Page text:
Mapping the Territory:
A Field Guide to Art in New Orleans

The expression “the map is not the territory” was coined here in New Orleans in 1931 by scholar Alfred Korzybski, scientist, philosopher, and pioneer of general semantics. Restated, the words representing a thing are not the thing itself. As ANTIGRAVITY’s new art columnist, I keep this in mind: Art writing is not the art.

 This column will be a map of the territory which includes artists, spaces, and events that constitute art in New Orleans. Art will exist without anyone engaging in commentary, but the art writer points out features of the terrain that you might not otherwise find. A monthly art column offers a time-sensitive X on the map.

Going to look at art is a healthy, inexpensive habit. Like any habit, art-viewing profits from repetition—to be better at it, one must see art on the regular. I’m not talking about opening crawls, I mean taking time to really look. But why look at art? What good comes of this habit?

 To quote George Saunders quoting Anton Chekhov, “art prepares us for tenderness.” And why write about art? I write about art not only to engage in and invite rigorous thought about it, but to participate in the tenderizing process. Art writing is more than a map and a calendar; it’s a field guide that helps a viewer slow down and look more closely. Tenderness takes time and attention.

 The map is dense. Louisiana Contemporary 2023 just closed at Ogden. A major Wangechi Mutu exhibition recently opened at NOMA. Photography exploring Black visual culture (Gestures of Refusal) is on view at the CAC. Shows are up on Julia Street, St. Claude, and galleries off the well-worn paths. Occasionally, new venues appear in the territory. Other Plans, a contemporary art gallery, just opened its doors in January.

 Other Plans is located on the north end of Tremé. One of the virtues of New Orleans for art enthusiasts is its accessibility. I sent a message requesting an appointment and met the gallery’s founder-director Emily Wilkerson the next day. The gallery is large, bright, and smells deliciously like new construction. We introduced ourselves, remarked on meeting another Emily, and the conversation was so pleasant I forgot to say I’d like to look around before hearing about the art, which is something I normally do. It was Emily who after a few minutes said, “I’ll leave you alone to look at the work.” I had missed the opportunity for an unmediated encounter. My bad.

Ana Hernandez’s wall-hanging paintings on cotton (Color of Clouds) have fringed edges and hang from a bar of painted wood. The presentation and the evidence of labor urged me to consider it “fiber art,” then to note the strangeness of that category. I had learned from Emily that the painted squares and triangles in the work were not mere abstraction, but words in a code the artist had created. If left to my own devices, I wondered, would I detect coded language? I wouldn’t. An interview with the artist, printed in elegant four-fold brochures revealed more conceptual underpinnings in the work. I asked myself, what can I experience just looking at the work in front of me? What is really necessary to know?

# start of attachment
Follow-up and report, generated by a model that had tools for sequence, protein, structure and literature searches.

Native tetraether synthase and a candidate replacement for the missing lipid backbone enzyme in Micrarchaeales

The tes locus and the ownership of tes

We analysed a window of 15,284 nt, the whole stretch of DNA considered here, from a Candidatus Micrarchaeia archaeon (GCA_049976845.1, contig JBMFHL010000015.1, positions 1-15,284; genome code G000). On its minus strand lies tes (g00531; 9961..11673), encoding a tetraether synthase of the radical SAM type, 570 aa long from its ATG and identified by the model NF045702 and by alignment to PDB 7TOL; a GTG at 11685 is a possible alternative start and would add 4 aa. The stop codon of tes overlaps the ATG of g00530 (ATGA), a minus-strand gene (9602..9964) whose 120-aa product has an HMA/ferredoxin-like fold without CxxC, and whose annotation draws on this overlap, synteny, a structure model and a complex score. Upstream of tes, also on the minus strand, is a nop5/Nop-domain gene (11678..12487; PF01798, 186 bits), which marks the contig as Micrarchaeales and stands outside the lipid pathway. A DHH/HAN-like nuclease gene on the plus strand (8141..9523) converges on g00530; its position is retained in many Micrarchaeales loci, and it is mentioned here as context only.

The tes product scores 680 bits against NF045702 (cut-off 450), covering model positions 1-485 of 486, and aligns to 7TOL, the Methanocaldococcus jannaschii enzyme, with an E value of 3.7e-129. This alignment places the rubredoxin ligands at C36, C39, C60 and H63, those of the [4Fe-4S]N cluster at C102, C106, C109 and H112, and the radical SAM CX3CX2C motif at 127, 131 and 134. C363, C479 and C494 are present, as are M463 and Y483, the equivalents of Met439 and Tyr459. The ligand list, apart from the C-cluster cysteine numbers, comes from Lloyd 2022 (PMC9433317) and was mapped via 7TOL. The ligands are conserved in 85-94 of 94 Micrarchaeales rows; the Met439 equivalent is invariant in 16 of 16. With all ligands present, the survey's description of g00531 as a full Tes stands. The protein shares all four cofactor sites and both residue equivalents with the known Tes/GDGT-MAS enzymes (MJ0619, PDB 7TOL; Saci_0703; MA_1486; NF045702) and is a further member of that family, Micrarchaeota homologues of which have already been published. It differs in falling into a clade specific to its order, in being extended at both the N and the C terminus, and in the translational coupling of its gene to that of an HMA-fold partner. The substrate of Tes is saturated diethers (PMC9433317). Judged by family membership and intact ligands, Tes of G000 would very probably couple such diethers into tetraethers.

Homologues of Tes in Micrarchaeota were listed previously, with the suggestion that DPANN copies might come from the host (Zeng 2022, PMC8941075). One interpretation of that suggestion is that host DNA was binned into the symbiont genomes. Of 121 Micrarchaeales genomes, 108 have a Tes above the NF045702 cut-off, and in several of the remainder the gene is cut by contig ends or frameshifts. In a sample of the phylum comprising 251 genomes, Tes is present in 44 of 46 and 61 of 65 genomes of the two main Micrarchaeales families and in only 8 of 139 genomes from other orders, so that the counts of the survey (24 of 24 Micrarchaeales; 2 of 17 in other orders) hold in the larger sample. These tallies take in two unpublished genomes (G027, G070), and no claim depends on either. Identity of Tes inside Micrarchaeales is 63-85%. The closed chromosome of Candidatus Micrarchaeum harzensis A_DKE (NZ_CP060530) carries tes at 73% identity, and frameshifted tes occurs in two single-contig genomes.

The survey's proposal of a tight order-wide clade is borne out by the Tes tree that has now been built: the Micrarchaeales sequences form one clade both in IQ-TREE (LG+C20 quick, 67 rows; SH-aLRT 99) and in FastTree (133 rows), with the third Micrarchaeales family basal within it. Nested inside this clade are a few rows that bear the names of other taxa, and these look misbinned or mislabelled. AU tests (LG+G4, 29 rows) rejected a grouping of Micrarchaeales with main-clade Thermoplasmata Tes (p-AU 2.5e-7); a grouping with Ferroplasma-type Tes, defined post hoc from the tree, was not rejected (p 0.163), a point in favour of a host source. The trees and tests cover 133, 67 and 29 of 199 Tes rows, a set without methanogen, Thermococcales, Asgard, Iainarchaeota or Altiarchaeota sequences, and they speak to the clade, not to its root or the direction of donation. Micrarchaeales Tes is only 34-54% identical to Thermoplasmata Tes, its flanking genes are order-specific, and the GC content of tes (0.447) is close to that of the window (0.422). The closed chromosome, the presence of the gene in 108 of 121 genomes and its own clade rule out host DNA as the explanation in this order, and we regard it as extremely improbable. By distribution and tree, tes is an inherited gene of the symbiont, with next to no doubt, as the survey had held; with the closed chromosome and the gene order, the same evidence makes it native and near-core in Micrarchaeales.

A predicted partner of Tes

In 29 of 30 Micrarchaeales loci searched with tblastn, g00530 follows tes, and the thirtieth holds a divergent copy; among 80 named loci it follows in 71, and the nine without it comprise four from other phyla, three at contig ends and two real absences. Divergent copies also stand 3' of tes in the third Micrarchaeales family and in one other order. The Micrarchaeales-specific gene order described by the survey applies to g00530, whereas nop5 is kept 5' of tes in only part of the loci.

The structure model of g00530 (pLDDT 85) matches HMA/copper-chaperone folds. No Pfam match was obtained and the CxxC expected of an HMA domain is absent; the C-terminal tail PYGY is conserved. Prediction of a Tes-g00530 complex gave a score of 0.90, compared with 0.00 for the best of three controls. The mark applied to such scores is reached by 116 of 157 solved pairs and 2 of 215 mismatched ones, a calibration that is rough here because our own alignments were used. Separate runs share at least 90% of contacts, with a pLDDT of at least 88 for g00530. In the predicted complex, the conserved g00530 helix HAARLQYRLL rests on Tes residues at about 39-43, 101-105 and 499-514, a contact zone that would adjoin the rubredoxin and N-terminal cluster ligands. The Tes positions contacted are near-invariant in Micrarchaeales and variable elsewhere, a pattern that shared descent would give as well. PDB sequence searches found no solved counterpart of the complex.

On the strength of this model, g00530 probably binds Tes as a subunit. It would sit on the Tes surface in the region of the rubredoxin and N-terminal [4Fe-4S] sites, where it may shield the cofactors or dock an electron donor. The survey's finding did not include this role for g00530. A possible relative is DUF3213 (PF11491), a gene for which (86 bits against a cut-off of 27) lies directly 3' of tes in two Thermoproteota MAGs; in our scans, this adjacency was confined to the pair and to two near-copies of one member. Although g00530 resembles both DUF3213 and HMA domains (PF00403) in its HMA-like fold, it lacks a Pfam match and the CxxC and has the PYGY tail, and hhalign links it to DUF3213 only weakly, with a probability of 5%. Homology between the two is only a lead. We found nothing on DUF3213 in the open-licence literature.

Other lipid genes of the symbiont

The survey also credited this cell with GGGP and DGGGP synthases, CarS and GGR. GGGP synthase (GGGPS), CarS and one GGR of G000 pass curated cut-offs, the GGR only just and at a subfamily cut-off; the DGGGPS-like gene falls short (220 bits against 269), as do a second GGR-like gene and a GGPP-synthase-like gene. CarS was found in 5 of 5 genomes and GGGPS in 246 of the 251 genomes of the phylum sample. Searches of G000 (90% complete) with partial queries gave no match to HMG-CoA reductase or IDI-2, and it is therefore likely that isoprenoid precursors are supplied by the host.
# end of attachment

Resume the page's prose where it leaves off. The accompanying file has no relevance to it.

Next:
Six book-shaped objects, displayed together on a table, have grids scratched into the surface and marks that look like a message in code. Unlike the wall pieces, they don’t resemble anything functional or decorative. The dark and inscrutable objects look like they may have been unearthed in an X-File. They have a particular air of mystery.

I’m thinking about mystery as I write this. And I’m considering the work of Jeremy Toussaint-Baptiste, the second artist on view at Other Plans. Toussaint-Baptiste’s works in the show include two floor sculptures (broken instruments wrapped in cloth and rope), four objects made of dark silicone and saxophone parts, and a video. The video shows the artist in the empty gallery, playing then destroying a saxophone and an upright bass, banging them on the concrete floor, and finally wrapping them in the cloth where they remain on view.

It’s a mystery why a person would destroy instruments. There’s an explanation of course. The title of Toussaint-Baptiste’s show is Break Stuff and his interview with poet Kortney Morrow covers concepts of anger, sound, destruction, and liberation. There is historical precedent for breaking things as art. Still, it’s a mystery, and the mystery, I believe, is the point.

If we try to “understand” an artwork, we are rushing through the scenic part. There is this idea out there that the goal of looking at art is to extract meaning. Filmmaker Andrei Tarkovsky said, “If you look for a meaning, you’ll miss everything that happens.” To me the goal of looking at art is to linger in the mystery of the question, “Why do humans make these things that are not necessary for survival?”

 We don’t need to “understand” an artwork, but we can cultivate curiosity about our reaction (or lack of reaction) to it. The map is not the territory, and the territory isn’t something I can explain. I write about art the way a field guide points out a plant in the forest but doesn’t tell you what the flower means. I write about art to demonstrate a practice of slowing down, staying receptive, and feeling at ease with the mystery of it.

Top photo: Jeremy Toussaint-Baptiste, Gris-Gris 2
Photo courtesy Other Plans

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